This would be a different case. The Aggies’ résumé simply does not compare. And does anyone outside of Texas really want to see them rematch with Alabama?  Letting A&M through the backdoor of the Playoff would essentially be the committee’s wet, sloppy kiss on the lips of the SEC. 

It’s also worth remembering this: In the Playoff’s protocol, it states that for the selection committee to choose a team that didn’t win its own conference, it must be “unequivocally one of the best four teams in the country.” 

Can you truly say that about either Texas A&M or Notre Dame? At least the Irish won the regular-season title. 

If conference championships matter, is Oklahoma worth a second look? You can’t feel too badly for the Sooners, who were brutal early in the season and blew fourth-quarter leads against Kansas State and Iowa State. That stretch was likely disqualifying for Oklahoma, but the Sooners are a different team now on defense and avenged one of those losses with a 27-21 win over the Cyclones on Saturday. 

Oklahoma now owns wins over teams ranked No. 6, No. 20 and No. 21 by the committee last week. That’s *probably* not enough to undo the damage, but the Sooners would eye test favorably against Texas A&M and Notre Dame. 

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Given the obvious problems with that group of teams, why not give Cincinnati serious consideration here? The Bearcats deserve it on their own merits, completing a 9-0 season and American Athletic Conference championship with a 27-24 win over Tulsa in the rain on Saturday. 

If there were ever a team and a scenario that should allow for a Group of Five member to make the Playoff, this is it. Because of the pandemic, Cincinnati didn’t have the chance to go outside its conference and grab an eye-catching non-conference win. 

What the Bearcats did do, though, is destroy a bunch of good teams including nine-win Army by 14, seven-win Memphis by 39 and seven-win SMU by 29, capped off by pulling out a tough win over a Tulsa team in awful weather conditions that was ranked 23rd last week. Cincinnati also hadn’t played since Nov. 21 due to a major COVID-19 outbreak on its team, making the win even more impressive.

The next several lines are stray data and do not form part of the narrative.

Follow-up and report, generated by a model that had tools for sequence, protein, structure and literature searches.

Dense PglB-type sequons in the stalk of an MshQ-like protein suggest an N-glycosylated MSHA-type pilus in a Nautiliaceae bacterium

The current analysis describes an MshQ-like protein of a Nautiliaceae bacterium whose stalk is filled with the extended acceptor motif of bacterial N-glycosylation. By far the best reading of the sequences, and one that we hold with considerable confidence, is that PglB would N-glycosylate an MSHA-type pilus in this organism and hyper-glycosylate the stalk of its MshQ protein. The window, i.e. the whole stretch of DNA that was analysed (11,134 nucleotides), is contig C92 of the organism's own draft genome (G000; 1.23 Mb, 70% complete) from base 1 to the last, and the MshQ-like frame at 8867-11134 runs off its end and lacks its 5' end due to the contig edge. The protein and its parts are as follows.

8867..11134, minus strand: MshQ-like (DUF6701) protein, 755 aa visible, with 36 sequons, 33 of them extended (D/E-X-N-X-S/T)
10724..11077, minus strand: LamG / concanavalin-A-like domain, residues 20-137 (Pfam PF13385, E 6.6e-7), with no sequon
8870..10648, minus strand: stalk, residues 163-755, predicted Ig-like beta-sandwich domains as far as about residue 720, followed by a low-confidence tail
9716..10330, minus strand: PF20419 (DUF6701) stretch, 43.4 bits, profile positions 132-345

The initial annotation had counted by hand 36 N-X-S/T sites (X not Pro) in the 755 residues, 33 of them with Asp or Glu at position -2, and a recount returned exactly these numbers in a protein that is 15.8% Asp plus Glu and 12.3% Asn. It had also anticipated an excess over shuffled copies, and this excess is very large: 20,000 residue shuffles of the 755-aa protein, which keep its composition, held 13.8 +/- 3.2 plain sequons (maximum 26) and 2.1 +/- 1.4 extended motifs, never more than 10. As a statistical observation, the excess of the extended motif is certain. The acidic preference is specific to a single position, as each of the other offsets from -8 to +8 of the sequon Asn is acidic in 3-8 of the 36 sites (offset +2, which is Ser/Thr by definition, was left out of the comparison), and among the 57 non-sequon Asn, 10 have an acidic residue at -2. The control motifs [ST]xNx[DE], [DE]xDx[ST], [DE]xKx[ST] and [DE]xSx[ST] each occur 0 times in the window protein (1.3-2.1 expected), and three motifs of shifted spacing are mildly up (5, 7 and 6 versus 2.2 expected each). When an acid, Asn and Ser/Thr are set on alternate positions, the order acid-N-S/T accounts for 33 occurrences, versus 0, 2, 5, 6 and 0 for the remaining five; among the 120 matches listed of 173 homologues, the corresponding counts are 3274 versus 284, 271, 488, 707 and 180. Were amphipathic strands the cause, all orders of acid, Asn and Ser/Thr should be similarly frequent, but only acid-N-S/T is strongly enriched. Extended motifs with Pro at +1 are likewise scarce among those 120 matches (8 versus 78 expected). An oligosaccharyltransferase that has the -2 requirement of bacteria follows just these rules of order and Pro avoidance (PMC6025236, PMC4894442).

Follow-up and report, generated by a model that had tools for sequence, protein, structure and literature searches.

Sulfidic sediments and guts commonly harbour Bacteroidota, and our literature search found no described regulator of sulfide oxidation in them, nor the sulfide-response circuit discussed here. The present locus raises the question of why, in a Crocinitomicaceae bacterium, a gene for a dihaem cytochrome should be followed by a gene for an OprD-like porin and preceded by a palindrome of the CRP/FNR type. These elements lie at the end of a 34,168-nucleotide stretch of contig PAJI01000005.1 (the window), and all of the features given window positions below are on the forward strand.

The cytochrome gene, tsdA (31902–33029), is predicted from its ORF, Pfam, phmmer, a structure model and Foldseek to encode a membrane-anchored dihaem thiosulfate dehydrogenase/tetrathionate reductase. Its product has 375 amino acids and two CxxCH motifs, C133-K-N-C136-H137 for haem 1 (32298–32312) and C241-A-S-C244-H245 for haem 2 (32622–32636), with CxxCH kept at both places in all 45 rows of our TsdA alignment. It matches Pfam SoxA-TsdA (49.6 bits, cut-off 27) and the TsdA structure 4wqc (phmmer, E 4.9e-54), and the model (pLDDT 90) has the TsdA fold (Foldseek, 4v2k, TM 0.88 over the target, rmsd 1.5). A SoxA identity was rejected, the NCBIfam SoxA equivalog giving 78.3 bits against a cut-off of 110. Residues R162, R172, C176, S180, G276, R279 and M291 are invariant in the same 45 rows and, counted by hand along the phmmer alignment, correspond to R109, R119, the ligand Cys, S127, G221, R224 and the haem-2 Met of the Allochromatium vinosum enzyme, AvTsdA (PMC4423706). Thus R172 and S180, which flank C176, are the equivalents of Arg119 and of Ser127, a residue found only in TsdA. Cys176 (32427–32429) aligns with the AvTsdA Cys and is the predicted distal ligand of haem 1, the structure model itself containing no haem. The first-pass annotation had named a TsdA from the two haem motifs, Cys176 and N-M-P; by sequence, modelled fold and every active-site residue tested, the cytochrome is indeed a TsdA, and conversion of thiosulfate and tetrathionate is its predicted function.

Cincinnati stacks up well on stats, too, boasting a top-20 offense with a defense that came into championship Saturday allowing 4.25 yards per play, the best mark in the nation. Unlike other Group of Five contenders in the past that might have had an obvious weakness on defense, this is a complete football team. 

So in a year where it’s nearly impossible to separate one flawed Playoff contender from another, why is it so unthinkable to give a shot to a team that didn’t lose? Cincinnati would be far from the worst team that has made the Playoff in its six-year history. What reason, other than brand bias against teams outside the power conferences, would the Bearcats not deserve this opportunity? 

Through six years of the Playoff, there’s been little controversy over the fourth selection. In 2014, there was some complaining from the Big 12 that the committee elevated Ohio State over TCU and Baylor on the final weekend, but the Buckeyes winning the national title pretty much ended the debate. 

This decision about whom to send to the Sugar Bowl to face Alabama is by far the stickiest in CFP history, and it will be scrutinized and second-guessed no matter which team is chosen. Who’s best equipped to give Alabama a good game? Who knows. We’ve already seen Texas A&M try and fail. Confidence in Notre Dame has been shaken. Oklahoma might have a chance, but the two losses are tough to excuse. 

In an imperfect year for college football on so many levels, perfect Cincinnati is a more than reasonable choice. And it’s the only one that could save the selection committee a major headache.